(45′′,45′′) and (60′′,60′′). These two positions probe the strong PDR ridge southeast of HD 37903. A “long” integration spectrum in [C ii] and CO(11−10) was obtained on (45′′, 45′′), which is close to the peak position in CO(11−10). The position (60′′, 60′′) coincides with the peak in low-J CO lines. Both positions show emission from two blended PDR components in [C ii] (Fig. 10, Table 2). At (45′′, 45′′) the red-shifted component dominates the emission in both [C ii] and CO(11−10). The second component is close to the cloud velocity. Here [C ii] shows a strong blue-shifted wing making it difficult to separate the emission from the PDR from the low density [C ii] inside the C ii region, although PDR modeling was done for both components. At (60′′,60′′) our high-J CO spectra only show emission from the PDR on the backside of the C ii region. The blue-shifted [C ii] component is almost certainly dominated by lower density gas inside the nebula. Here only the red-shifted PDR component is modeled. The (60′′,60′′) position was also observed by Jaffe et al. (1990) in CO(76) with a 34′′-beam. Their results agree well with our findings.

(50′′, +53′′). This position is close to the symmetry axis in the northwestern part of the nebula. All lines, except 13CO(32) show double split lines. This is not due to self-absorption, since there is no foreground gas that could absorb the CO(76) and CO(65) emission. At CO(43) the emission from the backside of the nebula is probably affected by self-absorption near the cloud velocity, making the emission somewhat more red-shifted than the higher J transitions. The PDR modeling therefore only uses the CO(76) and CO(65) transitions and both PDRs are modeled separately.

(+17′′, +113′′). This position coincides with the northern 13CO(32) peak and close to the crossing H2 filaments, which Field et al. (1998) called the “triangle” (located at 16′′, +129′′). Here all the lines show only one velocity component at the cloud velocity (Table 2). The triangle was observed by Takami et al. (2000) in several H2 emission lines in the near-IR with a Fabry-Perot spectrometer providing spectral resolution, R, of 5002200. This position is also close to the position (+33′′, +105′′) observed by (Burton et al. 1998), who obtained spectra from 12.5 μm, at 230430 spectral resolution.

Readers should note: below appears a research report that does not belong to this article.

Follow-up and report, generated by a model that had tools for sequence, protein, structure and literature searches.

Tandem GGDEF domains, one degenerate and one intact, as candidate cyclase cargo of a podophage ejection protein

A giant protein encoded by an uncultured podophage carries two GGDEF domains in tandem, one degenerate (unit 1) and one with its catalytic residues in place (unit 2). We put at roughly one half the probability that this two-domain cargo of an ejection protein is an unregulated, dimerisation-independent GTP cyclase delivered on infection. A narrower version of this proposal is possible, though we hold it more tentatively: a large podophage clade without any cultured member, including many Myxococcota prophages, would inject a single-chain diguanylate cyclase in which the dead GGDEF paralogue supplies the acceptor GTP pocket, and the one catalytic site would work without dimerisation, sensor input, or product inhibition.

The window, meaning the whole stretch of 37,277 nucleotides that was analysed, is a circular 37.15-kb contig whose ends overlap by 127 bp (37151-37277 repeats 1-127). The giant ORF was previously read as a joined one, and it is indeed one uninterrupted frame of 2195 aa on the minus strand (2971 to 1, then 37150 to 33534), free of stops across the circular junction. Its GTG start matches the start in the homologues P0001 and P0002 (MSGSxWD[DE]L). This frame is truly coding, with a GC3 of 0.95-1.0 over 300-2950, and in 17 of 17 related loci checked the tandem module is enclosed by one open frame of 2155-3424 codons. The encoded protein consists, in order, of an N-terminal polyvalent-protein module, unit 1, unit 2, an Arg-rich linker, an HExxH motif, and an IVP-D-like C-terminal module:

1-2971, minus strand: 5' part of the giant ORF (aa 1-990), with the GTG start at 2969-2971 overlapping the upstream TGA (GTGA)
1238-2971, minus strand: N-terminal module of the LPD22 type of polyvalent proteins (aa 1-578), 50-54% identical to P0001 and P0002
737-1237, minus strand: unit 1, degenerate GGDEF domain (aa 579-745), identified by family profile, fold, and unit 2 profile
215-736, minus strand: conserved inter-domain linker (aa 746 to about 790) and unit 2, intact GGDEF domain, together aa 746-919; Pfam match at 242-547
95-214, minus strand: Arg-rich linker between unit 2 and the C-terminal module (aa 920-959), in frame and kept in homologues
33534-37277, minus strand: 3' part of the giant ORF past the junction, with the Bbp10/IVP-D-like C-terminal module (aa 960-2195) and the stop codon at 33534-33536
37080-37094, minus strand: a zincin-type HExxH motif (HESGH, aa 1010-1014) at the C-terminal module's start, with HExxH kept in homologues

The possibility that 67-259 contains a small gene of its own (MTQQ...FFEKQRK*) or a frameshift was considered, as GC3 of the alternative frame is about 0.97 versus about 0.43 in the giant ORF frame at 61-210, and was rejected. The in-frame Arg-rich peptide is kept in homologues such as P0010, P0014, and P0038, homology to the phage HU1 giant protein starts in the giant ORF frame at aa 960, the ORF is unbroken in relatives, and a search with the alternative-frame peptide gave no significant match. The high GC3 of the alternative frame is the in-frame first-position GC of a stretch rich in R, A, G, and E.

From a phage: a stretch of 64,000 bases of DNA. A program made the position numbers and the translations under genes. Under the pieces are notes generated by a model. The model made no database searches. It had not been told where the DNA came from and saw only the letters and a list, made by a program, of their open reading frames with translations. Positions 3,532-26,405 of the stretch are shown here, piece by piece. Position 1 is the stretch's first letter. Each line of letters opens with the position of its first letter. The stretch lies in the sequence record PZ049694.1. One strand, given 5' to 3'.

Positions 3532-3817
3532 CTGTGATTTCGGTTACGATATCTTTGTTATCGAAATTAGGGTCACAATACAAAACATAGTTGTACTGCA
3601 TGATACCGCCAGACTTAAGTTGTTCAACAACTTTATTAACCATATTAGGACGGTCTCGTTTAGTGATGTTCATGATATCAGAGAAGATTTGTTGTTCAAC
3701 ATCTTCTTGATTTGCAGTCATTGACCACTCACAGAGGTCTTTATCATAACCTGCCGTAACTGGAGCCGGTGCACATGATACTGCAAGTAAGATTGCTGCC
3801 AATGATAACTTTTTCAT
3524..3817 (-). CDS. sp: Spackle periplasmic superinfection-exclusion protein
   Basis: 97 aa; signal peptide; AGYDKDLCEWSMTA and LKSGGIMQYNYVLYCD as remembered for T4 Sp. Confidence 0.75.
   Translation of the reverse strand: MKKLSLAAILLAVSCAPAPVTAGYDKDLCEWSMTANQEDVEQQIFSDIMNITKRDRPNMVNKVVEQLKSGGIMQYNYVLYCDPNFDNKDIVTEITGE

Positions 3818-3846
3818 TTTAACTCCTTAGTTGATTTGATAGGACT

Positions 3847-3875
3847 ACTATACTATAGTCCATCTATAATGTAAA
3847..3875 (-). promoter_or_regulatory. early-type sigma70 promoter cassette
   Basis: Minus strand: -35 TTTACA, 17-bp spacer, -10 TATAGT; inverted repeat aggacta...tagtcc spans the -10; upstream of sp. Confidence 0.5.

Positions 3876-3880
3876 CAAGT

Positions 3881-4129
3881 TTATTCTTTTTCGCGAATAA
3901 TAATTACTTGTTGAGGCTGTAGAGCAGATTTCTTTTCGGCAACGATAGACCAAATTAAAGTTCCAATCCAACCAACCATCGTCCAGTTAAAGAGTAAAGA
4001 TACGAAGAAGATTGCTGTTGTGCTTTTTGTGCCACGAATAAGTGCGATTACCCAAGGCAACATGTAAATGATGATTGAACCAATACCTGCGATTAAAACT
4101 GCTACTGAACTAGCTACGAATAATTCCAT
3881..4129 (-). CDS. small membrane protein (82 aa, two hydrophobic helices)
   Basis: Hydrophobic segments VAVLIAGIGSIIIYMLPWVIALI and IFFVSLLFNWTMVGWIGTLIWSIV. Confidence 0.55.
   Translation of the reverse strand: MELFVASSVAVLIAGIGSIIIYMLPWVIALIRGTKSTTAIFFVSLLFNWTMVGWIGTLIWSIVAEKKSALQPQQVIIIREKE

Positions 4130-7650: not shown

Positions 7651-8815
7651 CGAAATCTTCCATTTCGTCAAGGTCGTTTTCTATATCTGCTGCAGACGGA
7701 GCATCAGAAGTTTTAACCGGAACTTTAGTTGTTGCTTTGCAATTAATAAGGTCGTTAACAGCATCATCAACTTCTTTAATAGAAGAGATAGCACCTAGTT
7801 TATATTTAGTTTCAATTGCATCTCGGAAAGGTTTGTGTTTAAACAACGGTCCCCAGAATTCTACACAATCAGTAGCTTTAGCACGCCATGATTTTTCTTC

Appendix B: CO channel maps

Figures B.1 to B.3 show the channel maps of CO(32), CO(43), CO(65), and CO(76). The fields of view of the CO(65) (Fig. B.3) and CO(76) (Fig. B.4) channel maps were restricted to the southeastern and central part of the nebula, in order to visualize the strong CO emission from the PDR better. Figures B.5 and B.6 show the channel maps for CO(65) and CO(76) but smoothed to the 16.̋1 resolution of the [C ii] data in order to capture the fainter emission in the northwestern part of the map better.

thumbnail Fig. B.1

Velocity-channel map for CO(32) with contours at 2, 5, 10 to 80 K in steps of 10 K. The “+” shows the position of HD 37903.

Open with DEXTER

thumbnail Fig. B.2

Velocity-channel map for CO(43) with contours at 2, 5, 10 to 110 K in steps of 10 K. The “+” shows the position of HD 37903.

Open with DEXTER

thumbnail Fig. B.3

Velocity-channel map for CO(65) showing the southeastern and central part of the map with full resolution. The contour levels start at 10 K and go to 100 K in steps of 10 K. The “+” shows the position of HD 37903.

Open with DEXTER

thumbnail Fig. B.4

Velocity-channel map for CO(76) showing the southeastern and central part of the map with full resolution. The contour levels are at 15 K, and from 20 K to 100 K in steps of 10 K. The “+” shows the position of HD 37903.

Open with DEXTER

thumbnail Fig. B.5

Velocity-channel map for CO(65) smoothed to 16.̋1 resolution showing the whole area that was mapped. The contour levels go from 8 K to 80 K in steps of 8 K. The “+” shows the position of HD 37903.

Open with DEXTER

thumbnail Fig. B.6

Velocity-channel map for CO(76) smoothed to 16.̋1 resolution showing the whole area that was mapped. The contour levels go from 6.3 K to 63 K in steps of 6.3 K. The “+” shows the position of HD 37903.

Open with DEXTER


© ESO, 2015

Current usage metrics show cumulative count of Article Views (full-text article views including HTML views, PDF and ePub downloads, according to the available data) and Abstracts Views on Vision4Press platform.

Data correspond to usage on the plateform after 2015. The current usage metrics is available 48-96 hours after online publication and is updated daily on week days.

Initial download of the metrics may take a while.